My way of coping with the trials of daily existence is to intellectualize things.  That way, I can start sorting my various emotions and people's reactions to them while forming a list of potential reading or research needed to understand the world better.  I do this so naturally that it's sometimes difficult for me to really communicate how something makes me feel.  So, in the interest of pushing myself outside my comfort zone, here's how I feel about Hardcore Henry:

Hardcore Henry made me feel awesome.  So damn awesome.  Just when I thought the ridiculous escalation of violence and camerawork couldn't get any cooler, director/screenwriter Ilya Naishuller found a new way to make my face erupt in joy.  By the time the climactic fight rolled around, I couldn't contain my giggling anymore.  Each punch, each cut, each bit of chemical intake - it all made me so joyful I wanted to stop Hardcore Henry before the credits so I could watch it again.  I immediately started texting my cineaste buddies and folks I thought would appreciate the lunatic aweseomeness of Hardcore Henry - "Watch Hardcore Henry.  Now.  It's more than its gimmick.  It's insane."


Everybody Wants Some!! (2016)

College officially starts in three days - just enough time for the baseball team to get comfortable with the freshman, hook up at parties, imbibe some chemicals, and share a little philosophy.  Richard Linklater wrote the screenplay for and directs Everybody Wants Some!!, and stars an ensemble cast led by Blake Jenner and Glen Powell.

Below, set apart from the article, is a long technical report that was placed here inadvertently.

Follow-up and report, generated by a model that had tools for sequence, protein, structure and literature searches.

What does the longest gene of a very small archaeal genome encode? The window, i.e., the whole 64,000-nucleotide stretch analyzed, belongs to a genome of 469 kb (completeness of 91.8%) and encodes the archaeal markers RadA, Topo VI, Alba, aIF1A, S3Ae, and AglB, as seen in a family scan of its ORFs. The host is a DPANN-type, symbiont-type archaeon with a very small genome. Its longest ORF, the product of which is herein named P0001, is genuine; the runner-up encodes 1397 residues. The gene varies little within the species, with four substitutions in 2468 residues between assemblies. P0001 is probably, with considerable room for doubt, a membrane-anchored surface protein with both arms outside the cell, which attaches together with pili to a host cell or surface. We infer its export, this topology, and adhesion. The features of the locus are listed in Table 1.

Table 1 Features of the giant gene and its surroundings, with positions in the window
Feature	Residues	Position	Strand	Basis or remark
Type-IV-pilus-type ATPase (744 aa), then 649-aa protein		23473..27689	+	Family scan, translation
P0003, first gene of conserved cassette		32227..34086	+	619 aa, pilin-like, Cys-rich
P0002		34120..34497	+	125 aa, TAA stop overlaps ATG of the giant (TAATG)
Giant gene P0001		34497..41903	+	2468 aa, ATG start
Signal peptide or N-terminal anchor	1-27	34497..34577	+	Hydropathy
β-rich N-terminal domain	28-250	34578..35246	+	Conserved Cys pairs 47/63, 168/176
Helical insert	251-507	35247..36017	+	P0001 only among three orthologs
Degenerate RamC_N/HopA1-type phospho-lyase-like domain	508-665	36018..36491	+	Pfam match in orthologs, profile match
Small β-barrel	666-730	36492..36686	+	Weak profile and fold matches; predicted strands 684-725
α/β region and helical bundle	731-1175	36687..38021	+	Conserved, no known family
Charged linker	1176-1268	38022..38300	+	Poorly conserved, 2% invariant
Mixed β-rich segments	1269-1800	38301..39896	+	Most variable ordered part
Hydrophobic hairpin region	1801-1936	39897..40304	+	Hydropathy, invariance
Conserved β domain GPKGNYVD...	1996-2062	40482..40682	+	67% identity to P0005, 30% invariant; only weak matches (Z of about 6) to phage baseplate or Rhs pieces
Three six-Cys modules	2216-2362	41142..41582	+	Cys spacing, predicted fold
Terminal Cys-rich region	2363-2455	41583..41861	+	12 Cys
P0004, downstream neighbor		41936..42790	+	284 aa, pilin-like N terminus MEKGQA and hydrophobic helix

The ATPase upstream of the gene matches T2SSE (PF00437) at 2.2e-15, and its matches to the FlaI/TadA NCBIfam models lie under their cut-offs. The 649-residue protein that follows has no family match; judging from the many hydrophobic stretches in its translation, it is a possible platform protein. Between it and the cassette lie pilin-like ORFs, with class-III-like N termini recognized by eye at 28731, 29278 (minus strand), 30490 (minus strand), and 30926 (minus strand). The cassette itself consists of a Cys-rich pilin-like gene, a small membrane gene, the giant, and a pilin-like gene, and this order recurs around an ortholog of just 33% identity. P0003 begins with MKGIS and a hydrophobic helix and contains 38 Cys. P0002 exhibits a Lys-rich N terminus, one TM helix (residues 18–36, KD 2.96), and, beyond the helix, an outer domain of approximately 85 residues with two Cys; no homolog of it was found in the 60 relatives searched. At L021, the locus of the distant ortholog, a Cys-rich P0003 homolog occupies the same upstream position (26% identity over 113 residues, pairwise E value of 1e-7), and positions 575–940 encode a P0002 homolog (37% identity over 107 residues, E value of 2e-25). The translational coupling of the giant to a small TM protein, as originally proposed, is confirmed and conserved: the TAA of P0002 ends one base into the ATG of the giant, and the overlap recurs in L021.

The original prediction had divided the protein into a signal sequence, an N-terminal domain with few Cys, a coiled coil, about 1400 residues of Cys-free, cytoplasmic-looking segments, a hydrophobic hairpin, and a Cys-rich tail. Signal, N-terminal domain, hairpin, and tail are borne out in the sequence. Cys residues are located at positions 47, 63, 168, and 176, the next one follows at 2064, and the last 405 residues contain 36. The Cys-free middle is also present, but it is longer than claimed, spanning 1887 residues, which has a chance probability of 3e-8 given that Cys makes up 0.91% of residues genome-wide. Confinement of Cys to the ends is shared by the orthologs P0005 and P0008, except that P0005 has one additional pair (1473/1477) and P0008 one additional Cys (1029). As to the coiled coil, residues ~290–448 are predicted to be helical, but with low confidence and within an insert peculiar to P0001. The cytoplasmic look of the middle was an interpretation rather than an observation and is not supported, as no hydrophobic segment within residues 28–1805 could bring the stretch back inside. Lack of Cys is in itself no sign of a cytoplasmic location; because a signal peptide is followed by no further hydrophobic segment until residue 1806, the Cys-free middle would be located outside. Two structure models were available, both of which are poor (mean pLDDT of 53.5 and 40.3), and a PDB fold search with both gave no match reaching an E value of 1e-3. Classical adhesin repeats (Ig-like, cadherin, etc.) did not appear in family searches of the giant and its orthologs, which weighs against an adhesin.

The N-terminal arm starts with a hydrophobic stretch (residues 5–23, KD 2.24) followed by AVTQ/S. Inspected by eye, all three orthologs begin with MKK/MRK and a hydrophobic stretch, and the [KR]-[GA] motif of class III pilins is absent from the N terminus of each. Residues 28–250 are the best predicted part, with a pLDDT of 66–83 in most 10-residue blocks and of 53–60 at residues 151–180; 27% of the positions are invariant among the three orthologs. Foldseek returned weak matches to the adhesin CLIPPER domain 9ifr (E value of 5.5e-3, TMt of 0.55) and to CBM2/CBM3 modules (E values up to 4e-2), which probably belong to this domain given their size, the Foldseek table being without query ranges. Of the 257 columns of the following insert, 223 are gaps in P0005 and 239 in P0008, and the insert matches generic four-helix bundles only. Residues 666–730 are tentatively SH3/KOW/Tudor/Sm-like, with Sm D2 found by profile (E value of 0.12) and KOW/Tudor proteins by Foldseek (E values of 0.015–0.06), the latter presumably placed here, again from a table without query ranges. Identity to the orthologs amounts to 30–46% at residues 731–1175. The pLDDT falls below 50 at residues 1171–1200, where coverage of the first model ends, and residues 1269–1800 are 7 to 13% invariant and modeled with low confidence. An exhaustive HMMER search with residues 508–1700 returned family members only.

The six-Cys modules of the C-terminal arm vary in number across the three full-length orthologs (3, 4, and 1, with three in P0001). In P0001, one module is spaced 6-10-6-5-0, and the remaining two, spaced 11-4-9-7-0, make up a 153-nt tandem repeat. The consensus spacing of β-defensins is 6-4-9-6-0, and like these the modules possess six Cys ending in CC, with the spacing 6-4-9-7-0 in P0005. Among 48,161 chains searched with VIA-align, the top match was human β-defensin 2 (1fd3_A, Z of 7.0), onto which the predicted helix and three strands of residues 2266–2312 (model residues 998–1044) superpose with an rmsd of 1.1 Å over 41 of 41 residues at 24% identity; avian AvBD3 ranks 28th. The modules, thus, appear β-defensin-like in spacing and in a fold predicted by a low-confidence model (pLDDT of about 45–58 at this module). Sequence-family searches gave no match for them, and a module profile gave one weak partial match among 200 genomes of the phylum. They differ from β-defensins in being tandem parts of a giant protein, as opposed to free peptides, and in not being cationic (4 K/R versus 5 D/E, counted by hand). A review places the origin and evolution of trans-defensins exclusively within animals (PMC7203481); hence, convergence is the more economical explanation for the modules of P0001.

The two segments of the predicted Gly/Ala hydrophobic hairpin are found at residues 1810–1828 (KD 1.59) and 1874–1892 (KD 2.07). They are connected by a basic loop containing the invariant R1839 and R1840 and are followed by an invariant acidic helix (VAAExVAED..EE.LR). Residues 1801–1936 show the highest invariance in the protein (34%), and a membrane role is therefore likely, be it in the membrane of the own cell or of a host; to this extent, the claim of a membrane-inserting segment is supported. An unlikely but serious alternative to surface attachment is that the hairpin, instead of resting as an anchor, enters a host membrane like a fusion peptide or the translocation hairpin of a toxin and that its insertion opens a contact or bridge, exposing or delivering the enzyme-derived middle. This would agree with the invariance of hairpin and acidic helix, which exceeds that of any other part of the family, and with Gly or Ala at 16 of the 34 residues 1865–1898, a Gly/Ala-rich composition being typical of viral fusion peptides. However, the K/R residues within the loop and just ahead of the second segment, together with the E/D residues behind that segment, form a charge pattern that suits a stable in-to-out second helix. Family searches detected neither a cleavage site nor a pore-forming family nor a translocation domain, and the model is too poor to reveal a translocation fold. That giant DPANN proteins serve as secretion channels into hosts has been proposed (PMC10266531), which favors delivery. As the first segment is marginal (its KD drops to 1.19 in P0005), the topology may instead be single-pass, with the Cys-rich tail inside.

When Matthew McConaughey's David Wooderson rolled into Richard Linklater's Dazed and Confused, he condensed all the pleasures and problems with Linklater's writing by uttering, “That’s what I love about these high school girls, man. I get older, they stay the same age.”  The trick to that line, and how similar Linklater dialogue worked in the interim, is that the speaker is pathetic.  Other boys in the same scene take turns joking around with him, but when he utters the line they all have to avert their gaze and in low volume tell him he's going to jail some day.  Fun is fun until the reality of fun is checking out girls barely half his age.

Cut to twenty-three years later and Linklater has continued making great filmsEverybody Wants Some!! (Everybody moving forward) is not one of them, though not without its charm.  Unfortunately, the charm is attached to a mob of college men who took the lessons of David Wooderson to heart.  They're all bravado to the point of transparent cockiness, many sporting mustaches to varying degrees of success, and chase dream women who want to have sex with them as much as the men want to have sex with the women.  Everybody is the dream Wooderson has when he goes home alone and I spent most of the movie wondering if anyone would wake up.